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Concurrent Strength and Endurance Training Effects on Running Economy in Master Endurance Runners

Piacentini, Maria Francesca; De Ioannon, Giulia; Comotto, Stefania; Spedicato, Alessandro; Vernillo, Gianluca; La Torre, Antonio

Journal of Strength & Conditioning Research:
doi: 10.1519/JSC.0b013e3182794485
Original Research
Abstract

Abstract: Piacentini, MF, De Ioannon, G, Comotto, S, Spedicato, A, Vernillo, G, and La Torre, A. Concurrent strength and endurance training effects on running economy in master endurance runners. J Strength Cond Res 27(8): 2295–2303, 2013—Running economy (RE) has been seen to improve with concurrent strength and endurance training in young and elite endurance athletes. The purpose of this study was to evaluate the effects of 2 different strength training protocols on RE and strength parameters in a group of regularly training master marathon runners. Sixteen participants were randomly assigned to a maximal strength training program (MST; n = 6; 44.2 ± 3.9 years), a resistance training (n = 5; 44.8 ± 4.4 years), and a control group (n = 5; 43.2 ± 7.9 years). Before and after the experimental period, resting metabolic rate, body composition, 1 repetition maximum (1RM), squat jump, countermovement jump, and RE were evaluated. The MST group showed significant increases (p < 0.05) in 1RM (+16.34%) and RE (+6.17 %) at marathon pace. No differences emerged for the other groups (p > 0.05). Anthropometric data were unchanged after the training intervention (p > 0.05). Taken together, the results of this preliminary study indicate that master endurance athletes seem to benefit from concurrent strength and endurance training because the rate of force development may be crucial for RE improvement, one of the major determinants of endurance performance.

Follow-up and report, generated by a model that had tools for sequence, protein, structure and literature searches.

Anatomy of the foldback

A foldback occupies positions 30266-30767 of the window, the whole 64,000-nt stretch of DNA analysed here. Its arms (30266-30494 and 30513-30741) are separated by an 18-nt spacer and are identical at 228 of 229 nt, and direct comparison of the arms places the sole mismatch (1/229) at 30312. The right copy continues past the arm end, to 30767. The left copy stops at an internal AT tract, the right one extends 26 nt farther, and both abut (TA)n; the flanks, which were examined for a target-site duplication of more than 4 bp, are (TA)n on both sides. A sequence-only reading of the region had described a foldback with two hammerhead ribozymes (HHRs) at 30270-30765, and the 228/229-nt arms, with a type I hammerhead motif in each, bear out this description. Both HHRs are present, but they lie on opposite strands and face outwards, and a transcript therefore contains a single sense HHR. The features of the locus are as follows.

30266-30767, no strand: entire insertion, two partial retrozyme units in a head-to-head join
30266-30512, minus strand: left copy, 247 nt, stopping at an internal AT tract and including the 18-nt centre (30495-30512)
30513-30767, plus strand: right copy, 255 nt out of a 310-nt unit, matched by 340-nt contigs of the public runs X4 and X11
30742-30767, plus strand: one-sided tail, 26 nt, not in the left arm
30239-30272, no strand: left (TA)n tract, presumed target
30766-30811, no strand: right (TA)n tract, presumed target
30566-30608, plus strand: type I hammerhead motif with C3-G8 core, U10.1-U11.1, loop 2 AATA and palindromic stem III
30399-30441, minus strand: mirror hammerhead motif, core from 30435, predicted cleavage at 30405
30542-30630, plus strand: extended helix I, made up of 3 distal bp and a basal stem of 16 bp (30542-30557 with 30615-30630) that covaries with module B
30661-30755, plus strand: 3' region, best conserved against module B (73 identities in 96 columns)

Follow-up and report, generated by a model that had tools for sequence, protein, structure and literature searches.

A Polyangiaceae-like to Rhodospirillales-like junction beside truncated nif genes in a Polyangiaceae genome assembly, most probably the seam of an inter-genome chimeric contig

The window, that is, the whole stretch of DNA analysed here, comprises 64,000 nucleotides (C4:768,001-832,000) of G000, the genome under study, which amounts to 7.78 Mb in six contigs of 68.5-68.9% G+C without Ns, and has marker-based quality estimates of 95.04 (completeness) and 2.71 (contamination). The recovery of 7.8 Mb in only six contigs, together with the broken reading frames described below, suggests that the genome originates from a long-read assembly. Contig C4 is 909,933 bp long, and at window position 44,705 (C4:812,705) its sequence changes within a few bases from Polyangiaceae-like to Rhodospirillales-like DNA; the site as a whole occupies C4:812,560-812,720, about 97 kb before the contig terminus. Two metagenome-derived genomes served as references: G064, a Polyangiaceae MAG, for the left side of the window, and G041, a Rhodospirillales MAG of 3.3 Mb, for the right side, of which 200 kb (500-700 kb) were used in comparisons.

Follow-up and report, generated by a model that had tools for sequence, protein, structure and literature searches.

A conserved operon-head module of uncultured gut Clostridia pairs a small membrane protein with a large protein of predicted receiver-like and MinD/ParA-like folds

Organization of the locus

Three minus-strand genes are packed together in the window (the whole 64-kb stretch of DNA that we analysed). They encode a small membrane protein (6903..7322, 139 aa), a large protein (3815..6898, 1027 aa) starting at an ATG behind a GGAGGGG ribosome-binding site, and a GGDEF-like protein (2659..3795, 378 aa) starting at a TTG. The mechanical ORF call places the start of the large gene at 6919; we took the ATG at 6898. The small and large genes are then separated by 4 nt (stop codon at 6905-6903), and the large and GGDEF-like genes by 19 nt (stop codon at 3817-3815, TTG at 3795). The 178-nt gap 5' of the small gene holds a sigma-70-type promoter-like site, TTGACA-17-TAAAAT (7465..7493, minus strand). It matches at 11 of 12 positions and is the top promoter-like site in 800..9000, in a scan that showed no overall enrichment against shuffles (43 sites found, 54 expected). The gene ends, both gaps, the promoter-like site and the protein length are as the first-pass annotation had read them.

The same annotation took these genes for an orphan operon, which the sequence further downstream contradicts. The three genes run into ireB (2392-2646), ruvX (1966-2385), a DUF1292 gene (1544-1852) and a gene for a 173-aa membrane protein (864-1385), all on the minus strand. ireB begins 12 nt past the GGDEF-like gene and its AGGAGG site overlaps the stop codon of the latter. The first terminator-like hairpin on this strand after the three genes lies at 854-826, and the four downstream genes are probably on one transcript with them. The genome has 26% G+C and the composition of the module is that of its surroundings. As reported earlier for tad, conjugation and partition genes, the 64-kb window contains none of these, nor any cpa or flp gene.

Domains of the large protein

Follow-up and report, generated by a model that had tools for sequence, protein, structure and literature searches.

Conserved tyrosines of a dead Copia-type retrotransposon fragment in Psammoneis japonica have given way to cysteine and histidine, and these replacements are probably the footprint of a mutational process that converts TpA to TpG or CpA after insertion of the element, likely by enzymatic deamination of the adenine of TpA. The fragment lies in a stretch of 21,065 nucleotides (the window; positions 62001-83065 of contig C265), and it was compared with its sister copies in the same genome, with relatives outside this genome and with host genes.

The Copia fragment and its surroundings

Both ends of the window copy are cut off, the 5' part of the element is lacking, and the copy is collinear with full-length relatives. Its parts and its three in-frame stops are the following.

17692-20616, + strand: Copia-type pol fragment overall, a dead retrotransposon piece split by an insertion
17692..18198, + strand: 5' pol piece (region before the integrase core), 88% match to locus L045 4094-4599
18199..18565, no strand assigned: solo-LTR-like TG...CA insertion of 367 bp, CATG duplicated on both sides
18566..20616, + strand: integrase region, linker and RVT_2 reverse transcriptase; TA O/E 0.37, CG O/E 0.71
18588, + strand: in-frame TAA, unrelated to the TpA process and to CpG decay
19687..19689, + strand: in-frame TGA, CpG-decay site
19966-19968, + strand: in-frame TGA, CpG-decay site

Author Information

1Department of Human Movement and Sport Sciences, University of Rome “Foro Italico,” Rome, Italy

2Department of Sport, Nutrition, and Health Sciences, Università degli Studi di Milano, Milan, Italy

Address correspondence to Dr. Maria Francesca Piacentini, mariafrancesca.piacentini@uniroma4.it.

Copyright © 2013 by the National Strength & Conditioning Association.